Home Away From Home: Millie's Summer Work Experience I

We now travel from Serbia back to Cedar Rapids to visit with Millie (above).  She too worked in the Writing Center with myself and Anna.  Millie will be a sophomore like myself this fall and plans on pursing majors in English, History, and Asian Studies.  Wow!  She elected to stay and work on campus during the summer instead of returning to her hometown of Fulton, MO.  There are work opportunities on campus during the summer because places such as the Racquet Center, Admissions Department, or the Stuart Memorial Library are looking for workers to keep these buildings available to students looking at Coe or other Cedar Rapids community members.  Millie works at both the Racquet Center and in the Admissions Department giving tours.  When not working, Millie is relaxing in her room in Murray (she did have to pay a housing fee).  She got a double room all to herself and that's working out well.  Check back on Thursday for the Q&A with Millie!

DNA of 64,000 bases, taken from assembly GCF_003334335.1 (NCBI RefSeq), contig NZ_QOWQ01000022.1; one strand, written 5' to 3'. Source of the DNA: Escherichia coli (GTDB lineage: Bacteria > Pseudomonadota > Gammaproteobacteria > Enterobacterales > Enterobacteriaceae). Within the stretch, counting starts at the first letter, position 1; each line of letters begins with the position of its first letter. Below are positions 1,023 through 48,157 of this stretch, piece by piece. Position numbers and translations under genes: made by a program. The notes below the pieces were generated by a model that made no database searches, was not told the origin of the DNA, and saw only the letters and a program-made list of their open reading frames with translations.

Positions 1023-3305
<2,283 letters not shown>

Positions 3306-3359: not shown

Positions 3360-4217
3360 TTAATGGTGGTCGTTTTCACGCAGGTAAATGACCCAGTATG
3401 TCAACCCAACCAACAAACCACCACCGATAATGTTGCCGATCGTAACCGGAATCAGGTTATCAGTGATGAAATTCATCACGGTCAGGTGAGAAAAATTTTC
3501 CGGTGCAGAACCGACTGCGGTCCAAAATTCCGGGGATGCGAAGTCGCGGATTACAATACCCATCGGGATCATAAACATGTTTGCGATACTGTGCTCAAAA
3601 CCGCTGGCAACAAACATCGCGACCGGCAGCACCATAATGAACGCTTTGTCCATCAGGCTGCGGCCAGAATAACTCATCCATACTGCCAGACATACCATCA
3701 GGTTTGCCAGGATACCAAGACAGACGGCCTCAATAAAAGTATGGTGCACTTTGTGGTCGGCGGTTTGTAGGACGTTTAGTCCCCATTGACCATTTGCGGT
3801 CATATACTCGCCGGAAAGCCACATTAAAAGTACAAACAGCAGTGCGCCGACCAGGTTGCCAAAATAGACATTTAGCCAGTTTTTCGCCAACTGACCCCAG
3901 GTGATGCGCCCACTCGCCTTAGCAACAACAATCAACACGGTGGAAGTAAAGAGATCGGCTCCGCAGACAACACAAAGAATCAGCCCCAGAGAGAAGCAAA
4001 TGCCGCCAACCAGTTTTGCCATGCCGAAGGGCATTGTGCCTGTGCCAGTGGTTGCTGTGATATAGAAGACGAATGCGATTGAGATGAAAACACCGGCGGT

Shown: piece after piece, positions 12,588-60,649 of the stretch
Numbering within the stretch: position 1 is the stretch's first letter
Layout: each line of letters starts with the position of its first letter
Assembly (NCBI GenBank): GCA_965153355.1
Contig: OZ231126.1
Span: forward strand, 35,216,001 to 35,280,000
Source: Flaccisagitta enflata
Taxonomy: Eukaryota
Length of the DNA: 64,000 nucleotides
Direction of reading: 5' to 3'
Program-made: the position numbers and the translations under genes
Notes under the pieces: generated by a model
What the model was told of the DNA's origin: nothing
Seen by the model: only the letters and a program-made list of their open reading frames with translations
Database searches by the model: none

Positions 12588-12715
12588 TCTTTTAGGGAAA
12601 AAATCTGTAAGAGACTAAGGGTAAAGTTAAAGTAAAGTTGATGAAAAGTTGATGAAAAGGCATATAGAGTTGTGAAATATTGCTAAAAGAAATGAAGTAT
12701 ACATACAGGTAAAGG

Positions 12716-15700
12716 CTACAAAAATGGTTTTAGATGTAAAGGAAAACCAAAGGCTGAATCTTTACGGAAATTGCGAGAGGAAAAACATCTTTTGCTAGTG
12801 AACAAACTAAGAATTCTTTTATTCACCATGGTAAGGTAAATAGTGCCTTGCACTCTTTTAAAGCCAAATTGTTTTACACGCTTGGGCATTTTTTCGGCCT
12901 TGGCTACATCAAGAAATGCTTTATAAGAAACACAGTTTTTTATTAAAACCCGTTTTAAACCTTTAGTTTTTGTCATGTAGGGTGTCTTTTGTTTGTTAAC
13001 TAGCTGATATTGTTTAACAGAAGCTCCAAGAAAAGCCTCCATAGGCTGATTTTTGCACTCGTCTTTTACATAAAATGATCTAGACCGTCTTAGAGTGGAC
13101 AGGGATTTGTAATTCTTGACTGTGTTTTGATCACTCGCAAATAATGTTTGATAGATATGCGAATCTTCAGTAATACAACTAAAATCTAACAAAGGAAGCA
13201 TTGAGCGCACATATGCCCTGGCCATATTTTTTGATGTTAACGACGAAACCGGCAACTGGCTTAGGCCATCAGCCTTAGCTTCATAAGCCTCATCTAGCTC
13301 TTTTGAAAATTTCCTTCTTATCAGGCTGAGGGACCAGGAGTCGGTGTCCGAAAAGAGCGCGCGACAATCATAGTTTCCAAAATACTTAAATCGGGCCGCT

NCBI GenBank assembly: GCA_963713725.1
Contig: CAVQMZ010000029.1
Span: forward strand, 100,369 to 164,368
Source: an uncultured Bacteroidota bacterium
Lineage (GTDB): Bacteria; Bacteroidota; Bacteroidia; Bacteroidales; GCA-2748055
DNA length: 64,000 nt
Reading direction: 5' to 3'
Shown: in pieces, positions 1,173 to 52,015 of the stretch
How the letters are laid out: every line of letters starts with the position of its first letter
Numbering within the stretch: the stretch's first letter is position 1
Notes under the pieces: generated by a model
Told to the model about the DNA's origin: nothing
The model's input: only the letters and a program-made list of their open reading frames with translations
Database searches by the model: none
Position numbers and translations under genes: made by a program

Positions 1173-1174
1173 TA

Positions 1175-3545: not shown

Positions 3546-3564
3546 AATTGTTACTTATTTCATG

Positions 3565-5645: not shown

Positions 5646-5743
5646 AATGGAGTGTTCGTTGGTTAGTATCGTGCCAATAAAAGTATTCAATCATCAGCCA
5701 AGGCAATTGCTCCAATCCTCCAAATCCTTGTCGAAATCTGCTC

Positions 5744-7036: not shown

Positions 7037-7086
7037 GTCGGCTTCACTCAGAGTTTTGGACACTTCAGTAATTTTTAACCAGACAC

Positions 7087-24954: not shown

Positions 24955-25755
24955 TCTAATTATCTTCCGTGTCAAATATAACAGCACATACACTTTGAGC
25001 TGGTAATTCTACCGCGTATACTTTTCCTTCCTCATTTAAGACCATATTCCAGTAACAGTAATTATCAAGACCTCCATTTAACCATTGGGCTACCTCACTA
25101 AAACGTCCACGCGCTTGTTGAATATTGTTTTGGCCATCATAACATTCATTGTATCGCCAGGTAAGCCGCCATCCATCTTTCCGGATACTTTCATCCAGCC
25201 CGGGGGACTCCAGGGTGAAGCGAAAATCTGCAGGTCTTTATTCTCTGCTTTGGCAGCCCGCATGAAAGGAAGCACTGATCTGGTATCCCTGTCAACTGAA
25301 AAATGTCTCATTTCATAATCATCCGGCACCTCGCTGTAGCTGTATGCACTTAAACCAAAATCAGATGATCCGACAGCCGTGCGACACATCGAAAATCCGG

She's Leaving on a Jet Plane...for SERBIA: Anna's Adventures III

Part III: Question and Answer

1. Why did you pick this May Term? 

I actually wasn’t going to go on a May Term trip this past year.  I went on the London trip last year and the plan was to take this year off and work back at home to make some money for a May Term maybe next year!  However, Dennis Barnett, our professor talked to me and basically said, “you should do this trip.  I think you’d like it and you’d be a good fit for it.”  He made sure I could come to the informational meeting and then kept talking to me about the application process and his plans for the trip.  Dennis kept sharing bits and pieces to keep me curious and interested.  That ended up getting the better of me, I was so interested that I couldn’t say no!  I applied, was accepted, and put down my deposit.  So really, I think the reason I picked the trip was because Dennis kept after me about it.